In his March 7, 2004 article in New York Times, Thomas Friedman summarized the secret of the success of the U.S. innovation system as follows: “America is the greatest engine of innovation that has ever existed, and it can’t be duplicated anytime soon, because it is a product of multiple factors: Extreme freedom of thought, an emphasis on independent thinking, a steady immigration of new minds, a risk taking culture with no stigma attached to trying and failing, a non-corrupt bureaucracy, and financial markets and a venture capital system that are unrivalled at taking new ideas and turning them into global products.”
It is often stated that high school students in Asia often do better than American students on international math and science tests (like PISA). Schools in countries like China and South Korea do better at preparing students to take tests. Yet some of these same countries want to learn what makes American students good at creativity and critical thinking. Physics professor author Michio Kaku makes the distinction that “In Asia, the students often have test scores that soar beyond those of their counterparts in the West. However, much of that learning is book learning and rote memorization, which will take you only to a certain level. To reach the higher levels of science and technology, you need creativity, imagination, and innovation, which the Eastern system does not nurture.”.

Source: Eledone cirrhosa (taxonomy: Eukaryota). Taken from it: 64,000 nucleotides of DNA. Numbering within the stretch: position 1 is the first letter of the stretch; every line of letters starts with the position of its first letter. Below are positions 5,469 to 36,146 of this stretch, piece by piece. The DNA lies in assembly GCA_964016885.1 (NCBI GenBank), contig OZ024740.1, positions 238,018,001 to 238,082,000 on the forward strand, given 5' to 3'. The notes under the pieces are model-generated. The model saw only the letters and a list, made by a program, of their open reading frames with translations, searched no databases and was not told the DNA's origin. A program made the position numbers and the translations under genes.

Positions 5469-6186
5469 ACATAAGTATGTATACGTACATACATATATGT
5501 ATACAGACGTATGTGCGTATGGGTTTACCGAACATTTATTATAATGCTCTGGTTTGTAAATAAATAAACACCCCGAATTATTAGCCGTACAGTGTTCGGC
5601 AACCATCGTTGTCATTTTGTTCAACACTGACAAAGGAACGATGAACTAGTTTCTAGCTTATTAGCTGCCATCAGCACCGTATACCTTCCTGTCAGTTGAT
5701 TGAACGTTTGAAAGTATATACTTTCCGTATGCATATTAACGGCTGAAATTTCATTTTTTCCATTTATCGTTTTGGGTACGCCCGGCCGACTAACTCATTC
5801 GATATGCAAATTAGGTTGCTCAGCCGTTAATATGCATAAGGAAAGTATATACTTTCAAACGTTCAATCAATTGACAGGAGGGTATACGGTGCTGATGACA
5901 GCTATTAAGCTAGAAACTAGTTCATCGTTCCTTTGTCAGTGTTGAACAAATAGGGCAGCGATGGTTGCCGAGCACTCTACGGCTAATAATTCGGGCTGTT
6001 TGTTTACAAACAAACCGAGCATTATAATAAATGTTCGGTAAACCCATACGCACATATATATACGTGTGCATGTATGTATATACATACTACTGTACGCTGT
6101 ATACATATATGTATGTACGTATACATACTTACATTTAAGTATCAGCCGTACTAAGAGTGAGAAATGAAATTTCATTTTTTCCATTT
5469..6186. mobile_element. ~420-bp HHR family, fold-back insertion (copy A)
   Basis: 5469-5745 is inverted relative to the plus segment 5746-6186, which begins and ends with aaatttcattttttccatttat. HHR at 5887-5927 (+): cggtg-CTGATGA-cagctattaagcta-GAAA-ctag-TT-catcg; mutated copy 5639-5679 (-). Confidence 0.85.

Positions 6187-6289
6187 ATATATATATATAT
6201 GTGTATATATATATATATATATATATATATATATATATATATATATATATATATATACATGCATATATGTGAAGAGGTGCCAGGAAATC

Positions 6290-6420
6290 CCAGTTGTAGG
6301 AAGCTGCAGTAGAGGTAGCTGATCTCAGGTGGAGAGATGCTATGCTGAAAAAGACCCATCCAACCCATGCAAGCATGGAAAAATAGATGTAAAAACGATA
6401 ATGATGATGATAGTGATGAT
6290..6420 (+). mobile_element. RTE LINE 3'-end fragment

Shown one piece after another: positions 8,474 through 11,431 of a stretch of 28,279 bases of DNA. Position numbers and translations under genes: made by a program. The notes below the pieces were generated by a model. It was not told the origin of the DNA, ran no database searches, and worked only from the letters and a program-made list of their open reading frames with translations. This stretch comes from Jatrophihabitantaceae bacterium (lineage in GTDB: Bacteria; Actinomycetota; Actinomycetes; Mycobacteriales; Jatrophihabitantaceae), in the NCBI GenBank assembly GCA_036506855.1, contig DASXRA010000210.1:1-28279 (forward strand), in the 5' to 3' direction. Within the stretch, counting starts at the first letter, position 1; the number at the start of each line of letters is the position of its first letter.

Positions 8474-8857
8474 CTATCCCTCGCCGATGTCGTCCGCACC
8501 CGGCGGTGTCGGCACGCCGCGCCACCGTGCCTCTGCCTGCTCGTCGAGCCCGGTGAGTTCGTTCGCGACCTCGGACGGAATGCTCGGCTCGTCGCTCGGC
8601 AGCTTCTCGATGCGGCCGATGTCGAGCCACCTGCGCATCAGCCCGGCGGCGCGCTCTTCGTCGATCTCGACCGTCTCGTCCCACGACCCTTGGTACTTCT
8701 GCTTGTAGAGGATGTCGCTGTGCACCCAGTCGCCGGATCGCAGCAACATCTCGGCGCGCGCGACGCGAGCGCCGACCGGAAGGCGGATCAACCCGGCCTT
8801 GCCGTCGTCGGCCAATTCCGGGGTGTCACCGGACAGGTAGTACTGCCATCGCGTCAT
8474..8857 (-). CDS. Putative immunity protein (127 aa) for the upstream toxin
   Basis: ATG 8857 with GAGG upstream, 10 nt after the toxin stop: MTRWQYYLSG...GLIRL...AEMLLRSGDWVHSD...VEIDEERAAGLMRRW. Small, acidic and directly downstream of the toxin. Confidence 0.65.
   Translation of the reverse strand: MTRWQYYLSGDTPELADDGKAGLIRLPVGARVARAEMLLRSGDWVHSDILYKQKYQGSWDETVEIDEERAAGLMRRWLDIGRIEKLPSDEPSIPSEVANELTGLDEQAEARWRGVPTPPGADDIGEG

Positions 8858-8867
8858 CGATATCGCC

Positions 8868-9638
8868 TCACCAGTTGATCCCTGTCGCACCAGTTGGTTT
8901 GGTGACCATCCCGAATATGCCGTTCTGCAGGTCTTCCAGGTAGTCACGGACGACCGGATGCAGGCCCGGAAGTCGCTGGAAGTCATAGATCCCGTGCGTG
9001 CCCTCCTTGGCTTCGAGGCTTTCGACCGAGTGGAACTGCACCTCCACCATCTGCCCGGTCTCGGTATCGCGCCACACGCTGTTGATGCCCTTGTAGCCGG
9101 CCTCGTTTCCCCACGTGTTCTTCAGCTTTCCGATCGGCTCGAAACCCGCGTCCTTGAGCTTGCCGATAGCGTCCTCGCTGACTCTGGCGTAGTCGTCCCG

Knowledge is of course important. But no progress can be made with knowledge alone without imagination and creativity. A computer may contain more information than any person can ever learn. But that computer cannot do anything of its own because it lacks comprehension and imagination. It has value only in the hands of ‘thinking’ (creative) people. This shows how important it is to digest what is learned and to improve the power of imagination at schools together with rote learning. Being able to answer questions about a subject is important. But being able to ask imaginative questions about a subject is more important. As Alice Rollins puts it, “The test of a good teacher is not how many questions he can ask his pupils that they will answer readily, but how many questions he inspires them to ask him which he finds it hard to answer.
From conception to a commercial product/process/service to economic activity, innovation is a chain which is as strong as its weakest link. The conduciveness of the general R&D environment and the vitality and robustness of the support mechanisms are essential for a sustainable innovation ecosystem that will spur significant economic growth. The scientists and engineers constitute an important part of the highly skilled human capital needed for knowledge-intensive economy. Therefore, it is important that they are equipped with the 21st century skills and work in an environment that makes them most productive and efficient.